Friday, 28 December 2012

Mac OS X 10 - Two phews for the price of one ...

So I've finally ( after six long months ) decided to take the plunge and update my Apple MacBook Pro ( with Retsina ) to OS X 10.8 Mountain Lion.

Now I downloaded Mountain Lion the day it was released, and blogged about it shortly afterwards.

However, for various reasons, mostly to do with too much work and too little "spare" time, I've only just got around to it.

I was partly motivated by having some time, and also by my company choosing to stop supporting Lion ( internally) from December 31 onwards.

So, having backed up my Mac to three different USB drives ( using Time Machine, SuperDuper and good ole fashioned tar/zip/cp ), I re-ran through my earlier blog post to create a bootable USB drive containing the Mountain Lion code, and got stuck into it.

So, the first hurdle that I came across was trying and failing to boot the Mac from the USB drive.

No matter what combination of keys I used, I kept ending up at the login screen, rather than booting from the drive itself.

Eventually, using [Alt][CMD], I got to a strange screen that I'd not seen before: -



After a quick Google search, I realised that I'd hit the firmware password prompt, for the first time ever.

Casting my mind back, I realised that I'd set a firmware password when I first acquired the new MacBook in June 2012.

So, having entered the right firmware password, things started to proceed as per usual.

I booted from the USB drive, started Disk Utility and attempted to delete the existing OS X Lion partition. This initially didn't work, because I'd not unlocked the existing partition ( which is encrypted, and thus locked, using FileVault 2 ). I clicked the icon to unlock the partition, entered my usual log on password, and deleted the partition .... or so I thought.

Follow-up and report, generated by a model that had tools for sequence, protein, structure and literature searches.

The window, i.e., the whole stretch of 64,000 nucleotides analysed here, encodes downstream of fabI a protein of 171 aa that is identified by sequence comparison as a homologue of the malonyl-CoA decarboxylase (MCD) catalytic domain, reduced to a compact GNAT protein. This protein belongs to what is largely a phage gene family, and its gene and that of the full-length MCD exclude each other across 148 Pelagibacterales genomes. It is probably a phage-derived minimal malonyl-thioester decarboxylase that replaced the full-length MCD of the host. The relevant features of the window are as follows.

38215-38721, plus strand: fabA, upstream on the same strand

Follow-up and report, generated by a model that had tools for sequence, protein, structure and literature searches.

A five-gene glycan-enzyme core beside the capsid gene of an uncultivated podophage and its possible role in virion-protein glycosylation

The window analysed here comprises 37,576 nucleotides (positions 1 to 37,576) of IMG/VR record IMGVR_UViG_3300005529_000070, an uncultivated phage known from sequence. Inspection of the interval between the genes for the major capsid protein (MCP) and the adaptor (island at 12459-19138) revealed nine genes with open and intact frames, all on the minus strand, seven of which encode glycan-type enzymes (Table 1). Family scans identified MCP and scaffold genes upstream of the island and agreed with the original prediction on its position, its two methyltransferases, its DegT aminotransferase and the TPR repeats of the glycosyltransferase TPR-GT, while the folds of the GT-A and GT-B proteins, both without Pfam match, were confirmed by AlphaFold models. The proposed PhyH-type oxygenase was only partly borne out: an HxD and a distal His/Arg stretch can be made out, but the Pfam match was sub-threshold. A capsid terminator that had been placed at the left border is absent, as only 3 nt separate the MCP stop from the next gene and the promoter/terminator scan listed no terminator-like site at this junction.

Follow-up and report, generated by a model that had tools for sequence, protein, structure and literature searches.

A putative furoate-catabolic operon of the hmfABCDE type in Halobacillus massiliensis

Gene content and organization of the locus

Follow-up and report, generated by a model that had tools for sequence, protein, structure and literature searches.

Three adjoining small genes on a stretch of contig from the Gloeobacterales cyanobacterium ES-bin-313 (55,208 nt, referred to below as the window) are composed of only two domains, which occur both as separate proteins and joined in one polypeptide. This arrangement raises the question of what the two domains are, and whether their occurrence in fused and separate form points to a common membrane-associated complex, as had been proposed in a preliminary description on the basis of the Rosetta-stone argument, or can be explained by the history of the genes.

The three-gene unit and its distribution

It turned out that I'd deleted one partition, but the second, also encrypted, partition was then hidden from me.

This left me in somewhat of a conundrum - I couldn't delete the "hidden" encrypted partition, I couldn't repartition the drive, I couldn't install Mountain Lion, I couldn't boot back into Lion.

So, before reaching for one of the backup drives, I instead reached for Google - again.

The search string that I used was: -

"The partition contains a locked disk and can not be resized until it is unlocked"

which appeared on the partition screen within Disk Utility.

This led me to this thread: -

External HDD Unlock

which, amongst other things, included a response from one Eddie Yam, who reported how he used the diskutil command in Terminal to list the Logical Volume Group and then delete it, leaving the drive nice n' clean.

I didn't capture screen shots from this, so here's Eddie's rather nice screen shots: -





In essence, he ( and ) used: -

$ diskutil corestorage list

and: -

$ diskutil corestorage delete <VOLUME GROUP ID>

Once done, I was able to quit the Terminal application, and launch the Reinstall OS X application, and the installation proceeds as I type.

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